Ken Livingstone, who served as the first Mayor of London, from 2000 to 2008, and as the Member of Parliament for Brent East from 1987 to 2001, has resigned on Monday from the Labour Party, where he had been part of the party’s hard left.
Livingstone issued his resignation statement, saying, “I do not accept the allegation that I have brought the Labour Party into disrepute – nor that I am in any way guilty of anti-Semitism. I abhor anti-Semitism, I have fought it all my life and will continue to do so.
“I also recognize that the way I made a historical argument has caused offense and upset in the Jewish community. I am truly sorry for that.”
Livingstone’s Labour membership was suspended in April 2016 after he was accused of “bringing the party into disrepute” following a BBC interview in which he suggested Adolf Hitler “was supporting Zionism before he went mad and ended up killing six million Jews.”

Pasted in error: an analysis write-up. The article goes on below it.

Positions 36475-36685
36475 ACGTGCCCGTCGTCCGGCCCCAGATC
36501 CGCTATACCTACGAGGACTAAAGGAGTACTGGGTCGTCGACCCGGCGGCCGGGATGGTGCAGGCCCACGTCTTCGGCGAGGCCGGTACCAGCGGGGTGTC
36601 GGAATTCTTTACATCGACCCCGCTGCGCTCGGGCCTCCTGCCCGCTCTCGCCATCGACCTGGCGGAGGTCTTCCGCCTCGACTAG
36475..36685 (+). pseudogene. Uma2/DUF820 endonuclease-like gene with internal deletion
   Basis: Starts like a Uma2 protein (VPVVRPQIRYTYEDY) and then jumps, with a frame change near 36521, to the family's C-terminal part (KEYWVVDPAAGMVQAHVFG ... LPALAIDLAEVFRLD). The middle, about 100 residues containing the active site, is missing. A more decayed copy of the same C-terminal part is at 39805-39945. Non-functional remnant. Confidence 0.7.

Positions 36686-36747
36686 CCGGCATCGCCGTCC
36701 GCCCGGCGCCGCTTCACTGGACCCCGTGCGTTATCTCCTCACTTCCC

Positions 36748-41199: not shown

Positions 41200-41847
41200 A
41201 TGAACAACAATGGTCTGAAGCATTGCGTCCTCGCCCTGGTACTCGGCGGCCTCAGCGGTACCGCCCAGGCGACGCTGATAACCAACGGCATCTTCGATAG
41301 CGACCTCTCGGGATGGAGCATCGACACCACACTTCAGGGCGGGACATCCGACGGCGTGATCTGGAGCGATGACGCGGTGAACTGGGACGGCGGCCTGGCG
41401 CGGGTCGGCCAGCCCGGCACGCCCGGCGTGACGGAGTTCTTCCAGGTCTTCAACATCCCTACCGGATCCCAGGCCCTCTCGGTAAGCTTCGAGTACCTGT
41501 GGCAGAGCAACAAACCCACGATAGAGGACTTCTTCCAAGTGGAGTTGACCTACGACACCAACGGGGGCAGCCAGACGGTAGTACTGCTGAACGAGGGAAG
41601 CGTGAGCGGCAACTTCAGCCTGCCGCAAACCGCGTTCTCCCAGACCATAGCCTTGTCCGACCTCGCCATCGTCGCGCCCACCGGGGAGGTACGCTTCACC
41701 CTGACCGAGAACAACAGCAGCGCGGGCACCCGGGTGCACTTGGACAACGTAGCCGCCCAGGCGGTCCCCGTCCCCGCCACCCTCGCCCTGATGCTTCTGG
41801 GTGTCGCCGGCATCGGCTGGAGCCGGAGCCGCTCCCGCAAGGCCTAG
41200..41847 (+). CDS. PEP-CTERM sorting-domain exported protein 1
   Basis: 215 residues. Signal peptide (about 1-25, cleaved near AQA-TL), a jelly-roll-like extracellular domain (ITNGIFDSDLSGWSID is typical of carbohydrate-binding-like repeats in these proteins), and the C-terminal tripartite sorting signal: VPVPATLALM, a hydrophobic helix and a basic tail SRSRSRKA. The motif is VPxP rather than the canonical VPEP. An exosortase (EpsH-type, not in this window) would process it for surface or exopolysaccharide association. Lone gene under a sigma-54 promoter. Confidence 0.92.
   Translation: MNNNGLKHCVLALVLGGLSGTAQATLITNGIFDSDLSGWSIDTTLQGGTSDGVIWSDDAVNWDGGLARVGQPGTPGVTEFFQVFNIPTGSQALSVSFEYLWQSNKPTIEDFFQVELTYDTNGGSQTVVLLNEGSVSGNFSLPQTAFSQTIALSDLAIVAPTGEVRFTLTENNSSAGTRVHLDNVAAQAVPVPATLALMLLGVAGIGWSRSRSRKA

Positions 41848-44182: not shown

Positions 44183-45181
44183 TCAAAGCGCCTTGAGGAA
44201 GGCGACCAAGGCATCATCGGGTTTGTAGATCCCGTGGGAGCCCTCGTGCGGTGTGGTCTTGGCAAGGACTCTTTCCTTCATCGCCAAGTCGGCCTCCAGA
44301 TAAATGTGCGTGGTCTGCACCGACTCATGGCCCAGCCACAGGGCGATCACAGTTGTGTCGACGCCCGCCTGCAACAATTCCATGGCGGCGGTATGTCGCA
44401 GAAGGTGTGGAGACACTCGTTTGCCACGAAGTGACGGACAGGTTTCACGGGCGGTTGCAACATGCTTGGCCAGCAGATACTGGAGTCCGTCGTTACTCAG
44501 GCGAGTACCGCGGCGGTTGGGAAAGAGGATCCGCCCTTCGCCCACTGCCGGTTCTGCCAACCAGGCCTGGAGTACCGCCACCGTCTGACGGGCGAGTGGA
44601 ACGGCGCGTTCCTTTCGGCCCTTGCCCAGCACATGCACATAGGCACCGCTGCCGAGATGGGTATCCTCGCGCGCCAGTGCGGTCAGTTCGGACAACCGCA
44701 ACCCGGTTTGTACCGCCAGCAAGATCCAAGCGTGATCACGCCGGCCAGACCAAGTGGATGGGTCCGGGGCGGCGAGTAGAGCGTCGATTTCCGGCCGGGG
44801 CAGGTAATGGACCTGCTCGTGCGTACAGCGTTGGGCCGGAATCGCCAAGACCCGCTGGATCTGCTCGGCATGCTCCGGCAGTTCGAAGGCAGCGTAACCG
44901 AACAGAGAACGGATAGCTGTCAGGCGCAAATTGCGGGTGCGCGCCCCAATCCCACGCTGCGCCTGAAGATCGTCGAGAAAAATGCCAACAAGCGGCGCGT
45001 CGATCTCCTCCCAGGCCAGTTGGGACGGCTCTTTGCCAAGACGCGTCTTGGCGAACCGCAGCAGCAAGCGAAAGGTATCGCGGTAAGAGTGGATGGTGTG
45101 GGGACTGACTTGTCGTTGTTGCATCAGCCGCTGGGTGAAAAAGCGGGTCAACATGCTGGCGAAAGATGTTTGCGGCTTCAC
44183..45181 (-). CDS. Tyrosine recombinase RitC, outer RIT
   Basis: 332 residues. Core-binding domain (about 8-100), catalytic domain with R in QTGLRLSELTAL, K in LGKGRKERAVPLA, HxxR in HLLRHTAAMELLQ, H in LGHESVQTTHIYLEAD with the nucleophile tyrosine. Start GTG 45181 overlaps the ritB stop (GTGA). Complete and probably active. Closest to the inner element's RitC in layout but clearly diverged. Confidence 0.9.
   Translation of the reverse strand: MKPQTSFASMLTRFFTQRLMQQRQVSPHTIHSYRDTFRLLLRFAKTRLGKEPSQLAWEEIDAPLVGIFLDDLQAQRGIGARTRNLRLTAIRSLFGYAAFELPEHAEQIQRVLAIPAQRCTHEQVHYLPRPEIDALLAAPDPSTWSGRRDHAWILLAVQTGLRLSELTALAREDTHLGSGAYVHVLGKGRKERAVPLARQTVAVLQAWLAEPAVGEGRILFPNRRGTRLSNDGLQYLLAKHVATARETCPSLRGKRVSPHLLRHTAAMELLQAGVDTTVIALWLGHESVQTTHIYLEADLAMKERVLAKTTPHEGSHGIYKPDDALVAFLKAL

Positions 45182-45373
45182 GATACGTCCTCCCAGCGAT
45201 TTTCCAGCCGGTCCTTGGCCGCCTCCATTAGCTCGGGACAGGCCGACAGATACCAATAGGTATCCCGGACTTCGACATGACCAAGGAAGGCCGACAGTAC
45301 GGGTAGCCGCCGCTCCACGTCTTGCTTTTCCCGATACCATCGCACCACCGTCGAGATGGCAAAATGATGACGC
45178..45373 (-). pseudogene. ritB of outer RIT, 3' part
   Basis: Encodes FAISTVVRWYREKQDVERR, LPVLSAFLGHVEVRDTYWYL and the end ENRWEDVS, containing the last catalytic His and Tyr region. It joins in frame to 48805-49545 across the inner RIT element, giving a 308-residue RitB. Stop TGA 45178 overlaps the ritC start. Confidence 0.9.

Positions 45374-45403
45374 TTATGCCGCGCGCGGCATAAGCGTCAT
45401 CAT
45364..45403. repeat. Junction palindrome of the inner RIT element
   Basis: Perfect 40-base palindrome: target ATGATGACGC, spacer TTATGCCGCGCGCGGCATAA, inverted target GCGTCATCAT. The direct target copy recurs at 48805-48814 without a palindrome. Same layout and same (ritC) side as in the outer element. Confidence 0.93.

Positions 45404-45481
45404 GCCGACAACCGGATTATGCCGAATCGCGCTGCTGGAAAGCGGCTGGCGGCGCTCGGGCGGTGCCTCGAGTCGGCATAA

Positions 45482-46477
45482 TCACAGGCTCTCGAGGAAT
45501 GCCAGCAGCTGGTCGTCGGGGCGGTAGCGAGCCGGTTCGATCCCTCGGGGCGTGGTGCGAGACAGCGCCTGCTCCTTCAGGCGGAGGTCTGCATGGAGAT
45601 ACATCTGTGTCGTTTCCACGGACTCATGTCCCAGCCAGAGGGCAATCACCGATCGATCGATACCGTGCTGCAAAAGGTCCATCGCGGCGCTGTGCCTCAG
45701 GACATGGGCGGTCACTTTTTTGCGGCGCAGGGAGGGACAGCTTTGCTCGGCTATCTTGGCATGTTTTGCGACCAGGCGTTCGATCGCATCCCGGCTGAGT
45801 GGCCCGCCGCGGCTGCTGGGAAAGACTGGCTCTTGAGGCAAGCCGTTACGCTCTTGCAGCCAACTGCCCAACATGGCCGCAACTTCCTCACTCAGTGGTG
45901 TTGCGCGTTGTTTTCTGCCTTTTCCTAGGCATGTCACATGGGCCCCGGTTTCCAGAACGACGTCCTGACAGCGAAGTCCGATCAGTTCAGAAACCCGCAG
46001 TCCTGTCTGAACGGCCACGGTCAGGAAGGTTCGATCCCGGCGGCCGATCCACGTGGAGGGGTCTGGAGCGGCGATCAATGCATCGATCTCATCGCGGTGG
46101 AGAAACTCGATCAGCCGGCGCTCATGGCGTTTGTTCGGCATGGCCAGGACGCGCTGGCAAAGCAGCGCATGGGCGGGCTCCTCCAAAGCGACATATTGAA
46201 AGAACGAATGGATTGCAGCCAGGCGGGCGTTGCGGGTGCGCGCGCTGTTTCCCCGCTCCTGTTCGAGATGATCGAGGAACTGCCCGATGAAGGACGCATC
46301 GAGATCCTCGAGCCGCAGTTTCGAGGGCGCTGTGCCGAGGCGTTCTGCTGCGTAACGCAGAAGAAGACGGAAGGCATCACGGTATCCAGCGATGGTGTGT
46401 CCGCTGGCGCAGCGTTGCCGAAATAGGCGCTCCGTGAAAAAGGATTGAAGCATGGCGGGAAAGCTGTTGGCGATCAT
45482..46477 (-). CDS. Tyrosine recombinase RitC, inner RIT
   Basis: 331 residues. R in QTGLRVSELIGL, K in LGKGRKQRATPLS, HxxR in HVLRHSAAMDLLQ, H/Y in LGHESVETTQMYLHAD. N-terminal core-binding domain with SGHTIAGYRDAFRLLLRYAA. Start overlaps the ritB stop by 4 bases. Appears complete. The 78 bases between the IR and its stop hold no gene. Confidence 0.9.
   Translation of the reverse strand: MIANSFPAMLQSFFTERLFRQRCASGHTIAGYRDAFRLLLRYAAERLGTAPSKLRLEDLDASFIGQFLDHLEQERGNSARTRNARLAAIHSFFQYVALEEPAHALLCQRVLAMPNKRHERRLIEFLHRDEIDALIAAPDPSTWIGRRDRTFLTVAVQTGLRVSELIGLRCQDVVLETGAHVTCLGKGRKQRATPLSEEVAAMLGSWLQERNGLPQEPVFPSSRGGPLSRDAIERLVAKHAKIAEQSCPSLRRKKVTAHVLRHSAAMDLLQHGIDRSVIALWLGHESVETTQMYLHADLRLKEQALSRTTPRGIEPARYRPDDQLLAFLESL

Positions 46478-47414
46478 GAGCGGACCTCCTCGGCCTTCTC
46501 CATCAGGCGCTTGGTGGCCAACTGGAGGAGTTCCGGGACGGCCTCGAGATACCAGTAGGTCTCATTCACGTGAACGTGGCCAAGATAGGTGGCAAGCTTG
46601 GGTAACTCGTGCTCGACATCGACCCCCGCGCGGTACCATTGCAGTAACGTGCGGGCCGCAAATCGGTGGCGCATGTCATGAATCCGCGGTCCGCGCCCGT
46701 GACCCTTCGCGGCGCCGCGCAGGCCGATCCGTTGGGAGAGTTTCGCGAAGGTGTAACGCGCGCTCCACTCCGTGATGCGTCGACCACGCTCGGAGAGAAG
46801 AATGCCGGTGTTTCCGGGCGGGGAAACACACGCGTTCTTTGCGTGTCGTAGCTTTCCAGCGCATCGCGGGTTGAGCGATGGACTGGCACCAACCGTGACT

Livingstone defended Labour MP Naz Shah, who was suspended over a “satirical” map showing Israel being relocated to the United States. Livingstone said Shah’s work was “rude and over-the-top,” but not anti-Semitic, noting that he had never encountered anti-Semitism in the Labour party.
More than 20 Labour MPs called for Livingstone’s suspension, and London mayor Sadiq Khan called for his expulsion. Jon Lansman, founder of the pro-Corbyn Momentum group, called for Livingstone to leave politics altogether. Labour MP John Mann called Livingstone a “Nazi apologist.”
In a subsequent interview, Livingstone expressed regret both for mentioning Hitler and for offending Jews but added that “I’m not going to apologize for telling the truth.” He insisted it was “absurd” to say he was an anti-Semite because he had had two Jewish girlfriends, and may himself have maternal Jewish ancestry. He accused a “well-orchestrated campaign by the Israel lobby to smear anybody who criticizes Israeli policy as anti-Semitic.”